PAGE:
By Laxmi Natarajan
The first day of spring is one thing, and the first spring day is another. The difference between them is sometimes as great as a month. ~Henry Van Dyke
This morning I looked out of my window and saw the first blooms on my flowering plum and could smell the spring in the air. This month early spring flowering bulbs such as daffodils and grape muscari start to flower and it reminds me that it is time to get ready for the sowing season ahead. It is the time to fix your garden structures, ready the flower beds, prepare the soil for the vegetable garden, cleanup the weeds, add a bare-root fruit tree or a rose bush and the list goes on.
Planning your vegetable garden
– Locate the garden as close to the house as possible and with easy access to water supply. Most vegetables grow best in a level area with loose, well-drained soil and at least six hours of sun (eight to ten hours is ideal). Create contour rows, terraces, planters, raised beds on slopes. South-facing slopes are warmer and less subject to damaging frosts. Avoid planting near trees and shrubs; they compete for nutrients and water and may cause excessive shading.
– Figure out how much space is available for the vegetable plot. It may be an entire section of your yard or just a few planter boxes lined up on your patio or a few containers on your deck. An interesting and easy way to do this is by following the square foot gardening as explained by Mel Bartholomew at http://www.squarefootgardening.com
– Consider the time you will spend in the garden to plant, weed, irrigate, harvest and some pest control measures in the garden on a regular basis.
– Plan the garden on paper first. Draw a map showing the arrangement and spacing of your crops.
– Choose your vegetables and how many based on what you like to eat and how often you want to harvest.. You'll want to grow vegetables that are high yielding. For example, a single zucchini planted in a container could produce a dozen or more fruit over the course of the summer, where the same container planted with spinach might only produce enough for a single serving. So if you want spinach for the whole family, allocate a bigger area. Lettuce, pole beans, tomatoes and zucchini are all good choices for high yielding vegetables. If this is your first time choose easy vegetables like tomatoes and eggplants and zucchini. Sometimes buying a start (little plant) as opposed to starting from seeds is more convenient and time saving. (especially if you are going to have just a few plants)
– Placing the plants: Start by placing tall and trellised crops on the north side of the garden so they won’t shade the shorter vegetables. Group plants by the length of their growing period. Plant spring crops together so later crops can be planted in these areas when the early crops mature. Consider the length of harvest as well as time to maturity. Place perennial crops to the side of the garden where they will not be disturbed by any tillage that is needed.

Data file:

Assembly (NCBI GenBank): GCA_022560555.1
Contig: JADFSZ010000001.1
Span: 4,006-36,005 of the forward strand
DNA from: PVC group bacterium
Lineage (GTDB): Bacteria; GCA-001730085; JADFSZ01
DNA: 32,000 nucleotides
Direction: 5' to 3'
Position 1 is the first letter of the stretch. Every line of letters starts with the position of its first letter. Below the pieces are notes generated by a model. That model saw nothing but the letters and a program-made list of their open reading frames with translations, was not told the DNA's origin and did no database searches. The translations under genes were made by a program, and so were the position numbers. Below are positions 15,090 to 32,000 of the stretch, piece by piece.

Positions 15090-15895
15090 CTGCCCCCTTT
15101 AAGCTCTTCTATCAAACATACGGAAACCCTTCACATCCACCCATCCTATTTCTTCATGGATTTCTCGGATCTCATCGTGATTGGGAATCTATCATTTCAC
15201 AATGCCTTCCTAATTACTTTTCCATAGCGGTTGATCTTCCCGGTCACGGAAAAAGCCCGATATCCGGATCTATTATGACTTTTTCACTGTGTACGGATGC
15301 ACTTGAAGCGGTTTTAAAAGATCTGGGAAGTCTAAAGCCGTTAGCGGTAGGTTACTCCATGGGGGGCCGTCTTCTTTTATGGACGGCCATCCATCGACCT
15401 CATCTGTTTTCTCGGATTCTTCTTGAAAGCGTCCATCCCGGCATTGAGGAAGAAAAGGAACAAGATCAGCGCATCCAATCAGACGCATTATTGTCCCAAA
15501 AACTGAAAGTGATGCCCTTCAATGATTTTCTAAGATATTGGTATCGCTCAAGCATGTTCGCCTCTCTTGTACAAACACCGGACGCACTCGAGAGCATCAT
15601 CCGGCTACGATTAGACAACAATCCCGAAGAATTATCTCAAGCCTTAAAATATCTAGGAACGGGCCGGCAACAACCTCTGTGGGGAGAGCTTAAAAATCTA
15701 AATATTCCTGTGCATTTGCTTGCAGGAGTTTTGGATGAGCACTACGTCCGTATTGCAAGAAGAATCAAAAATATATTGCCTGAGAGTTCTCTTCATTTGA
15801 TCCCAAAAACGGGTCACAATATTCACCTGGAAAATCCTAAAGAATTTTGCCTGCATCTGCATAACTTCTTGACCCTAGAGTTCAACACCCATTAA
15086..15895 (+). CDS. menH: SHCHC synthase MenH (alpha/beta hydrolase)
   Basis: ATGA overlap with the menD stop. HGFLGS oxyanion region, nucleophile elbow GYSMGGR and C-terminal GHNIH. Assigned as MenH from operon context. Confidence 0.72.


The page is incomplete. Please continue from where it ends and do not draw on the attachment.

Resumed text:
Succession planting is the most effective way to plant for a steady supply of vegetables. Plant a group of different vegetables on a certain week and plant the same group again after two weeks and 4 weeks. This way, each group will be ready to harvest two weeks after the previous one, giving you a fresh supply of vegetables for longer and this also makes harvesting manageable.
Many factors influence the growth of plants: water, light, air, temperature, humidity, nutrients, and soil. Growth depends on a favorable combination of these factors. So refer to specific requirements for the vegetables that you choose.
Cool-season vegetables like broccoli, cabbage and cauliflower can be planted in early March. Other crops include beets, carrots, Swiss chard, collards, lettuce, mustard, radish and turnips. These crops grow best in the milder weather of early spring.
The air temperature is important but the soil also needs to be warmed up to be at lease 55 degrees before planting seeds of warm-season vegetables. Peppers do best if transplanted a few weeks later than tomatoes, once the soil has warmed up. So start them now indoors or in protected areas/containers and wait for a few more weeks before you put these in the ground. You can start growing seeds inside.
Some vegetables that require bright sunlight (8-hours full sun) are Beans, Eggplant, Pumpkin, Broccoli, Okra, Squash, Cantaloupes, Onions, Strawberry, Cauliflower, Sweet Potato, Corn, Peppers, Tomatoes, Cucumbers, Potatoes and Watermelons. Also consider including herbs like coriander, rosemary, lemongrass, mint, thyme, oregano, basil in your garden patch. In addition to providing good flavor for your vegetables they will keep some of the harmful insects out of the vegetable bed.
Veggies To Plant In March: This month is a transition month between winter and spring. You can set out broccoli, cabbage, kale, lettuce seedlings, potato tubers, and shallot sets. Make successive sowings of beets, carrots, lettuce, green onions, peas, radishes, spinach, and Swiss chard. You can also plant herb plants such as chives, parsley, rosemary, sage and thyme.
Once you have the plan and the plants in the ground we will move on to maintaining and taking care of the vegetable garden, the joy, the pests and the harvest that comes along in another follow-up article. So now that Spring is almost here, take a step outside and prepare for a wonderful growing season.
Science has never drummed up quite as effective a tranquilizing agent as a sunny spring day. ~W. Earl Hall
Laxmi Natarajan, our gardening expert, is also available to answer reader questions. Send in your queries via our feedback form.